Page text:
Richard Hughes, PE ::::
Case Synopsis: Humans have two fields of view, peripheral and primary. The primary field of view is approximately a 15 degree angle from the pupil while the peripheral is approximately a 45 degree angle. A person’s primary field of view is always focused on their point of destination or most probably danger such as another pedestrian or a moving car. Only when a person is ambulating faster than their comfort level do they look down at their feet. Such is the scenario when a person is running, jogging, or walking on ice and it is not customary for them.
To attract a person’s primary field of view into their peripheral, it takes an exciter color (red, orange, yellow, white stripe), a color contrast or a visual cue such as a handrail. That is why stop signs and fire equipment as well as exit signs are red. People also have an iconic memory which registers short term important events and then erases them from memory.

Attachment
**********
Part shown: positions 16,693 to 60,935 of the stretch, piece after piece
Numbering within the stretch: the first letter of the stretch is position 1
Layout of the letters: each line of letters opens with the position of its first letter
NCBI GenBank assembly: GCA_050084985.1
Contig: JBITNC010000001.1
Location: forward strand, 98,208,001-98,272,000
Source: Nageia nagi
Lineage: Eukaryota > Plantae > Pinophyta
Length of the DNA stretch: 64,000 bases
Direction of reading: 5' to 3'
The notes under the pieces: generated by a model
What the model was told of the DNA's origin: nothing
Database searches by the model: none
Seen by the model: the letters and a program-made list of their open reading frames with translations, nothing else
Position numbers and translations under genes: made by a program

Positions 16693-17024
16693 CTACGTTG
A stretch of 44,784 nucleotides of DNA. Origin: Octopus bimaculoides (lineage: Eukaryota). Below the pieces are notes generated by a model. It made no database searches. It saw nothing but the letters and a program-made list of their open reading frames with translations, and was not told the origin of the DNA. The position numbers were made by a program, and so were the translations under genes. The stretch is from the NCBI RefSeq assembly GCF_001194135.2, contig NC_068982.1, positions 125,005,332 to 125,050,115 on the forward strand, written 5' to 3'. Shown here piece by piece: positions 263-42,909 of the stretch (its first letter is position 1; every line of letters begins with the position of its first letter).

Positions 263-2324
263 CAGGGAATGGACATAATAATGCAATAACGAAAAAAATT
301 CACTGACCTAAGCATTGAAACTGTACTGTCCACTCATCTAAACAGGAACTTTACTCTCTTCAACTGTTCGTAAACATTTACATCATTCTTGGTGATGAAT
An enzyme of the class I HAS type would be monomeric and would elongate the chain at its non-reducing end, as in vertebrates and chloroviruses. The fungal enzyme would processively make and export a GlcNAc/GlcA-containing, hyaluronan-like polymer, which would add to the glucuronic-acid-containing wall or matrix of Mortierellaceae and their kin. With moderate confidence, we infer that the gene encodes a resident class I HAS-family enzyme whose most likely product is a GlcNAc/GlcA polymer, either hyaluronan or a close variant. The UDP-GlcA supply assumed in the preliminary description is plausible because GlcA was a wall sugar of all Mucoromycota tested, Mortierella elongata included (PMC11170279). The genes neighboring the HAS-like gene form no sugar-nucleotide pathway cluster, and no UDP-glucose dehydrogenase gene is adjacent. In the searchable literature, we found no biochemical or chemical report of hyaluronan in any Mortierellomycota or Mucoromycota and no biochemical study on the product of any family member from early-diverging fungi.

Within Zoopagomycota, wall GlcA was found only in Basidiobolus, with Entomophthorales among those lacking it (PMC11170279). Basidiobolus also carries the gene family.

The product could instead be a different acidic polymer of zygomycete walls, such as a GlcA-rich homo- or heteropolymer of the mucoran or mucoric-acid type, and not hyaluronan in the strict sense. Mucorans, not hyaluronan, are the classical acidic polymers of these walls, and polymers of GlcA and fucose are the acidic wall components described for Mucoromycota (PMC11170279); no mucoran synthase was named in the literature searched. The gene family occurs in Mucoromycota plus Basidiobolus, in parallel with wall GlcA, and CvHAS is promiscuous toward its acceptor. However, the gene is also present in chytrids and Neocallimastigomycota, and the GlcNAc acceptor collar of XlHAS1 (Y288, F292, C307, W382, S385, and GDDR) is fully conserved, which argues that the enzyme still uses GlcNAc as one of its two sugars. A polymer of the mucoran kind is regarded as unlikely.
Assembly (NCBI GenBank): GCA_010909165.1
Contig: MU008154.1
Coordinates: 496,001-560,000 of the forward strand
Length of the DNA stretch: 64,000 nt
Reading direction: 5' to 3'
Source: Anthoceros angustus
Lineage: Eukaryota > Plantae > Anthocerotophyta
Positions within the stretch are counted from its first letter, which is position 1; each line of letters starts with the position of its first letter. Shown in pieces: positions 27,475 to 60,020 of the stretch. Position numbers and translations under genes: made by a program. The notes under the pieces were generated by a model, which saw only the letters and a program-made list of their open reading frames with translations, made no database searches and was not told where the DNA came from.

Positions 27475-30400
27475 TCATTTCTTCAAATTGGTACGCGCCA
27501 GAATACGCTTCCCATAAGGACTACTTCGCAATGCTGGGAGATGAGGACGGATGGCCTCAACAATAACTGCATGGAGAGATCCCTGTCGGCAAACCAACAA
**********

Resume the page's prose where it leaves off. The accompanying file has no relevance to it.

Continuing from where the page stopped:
Quite often when a person trips or falls over an object, the first thought one may have is that he or she was not watching where they were walking. This statement is almost instinctive; yet, due to extensive research on human behavior, building codes and standards have been established which warn of such trivial details which upon first glance appear obvious and innocent. Research has shown that low level projecting objects in excess of ½ inch are one of the most dangerous details that humans encounter. Thousands of people get seriously injured in this country every year on such an innocuous detail. Therefore, the building codes and standards warn of such defects. Bad results do not necessarily mean bad behavior. Otherwise, we could remove banisters from staircases, seat belts from cars and smoke detectors from homes. The building code does not design and dictate for 99.9% of activity but rather that remote chance that occurs, like safety glass in the front door of a school that millions of kids will safely open, but we design it for the one who might go through it.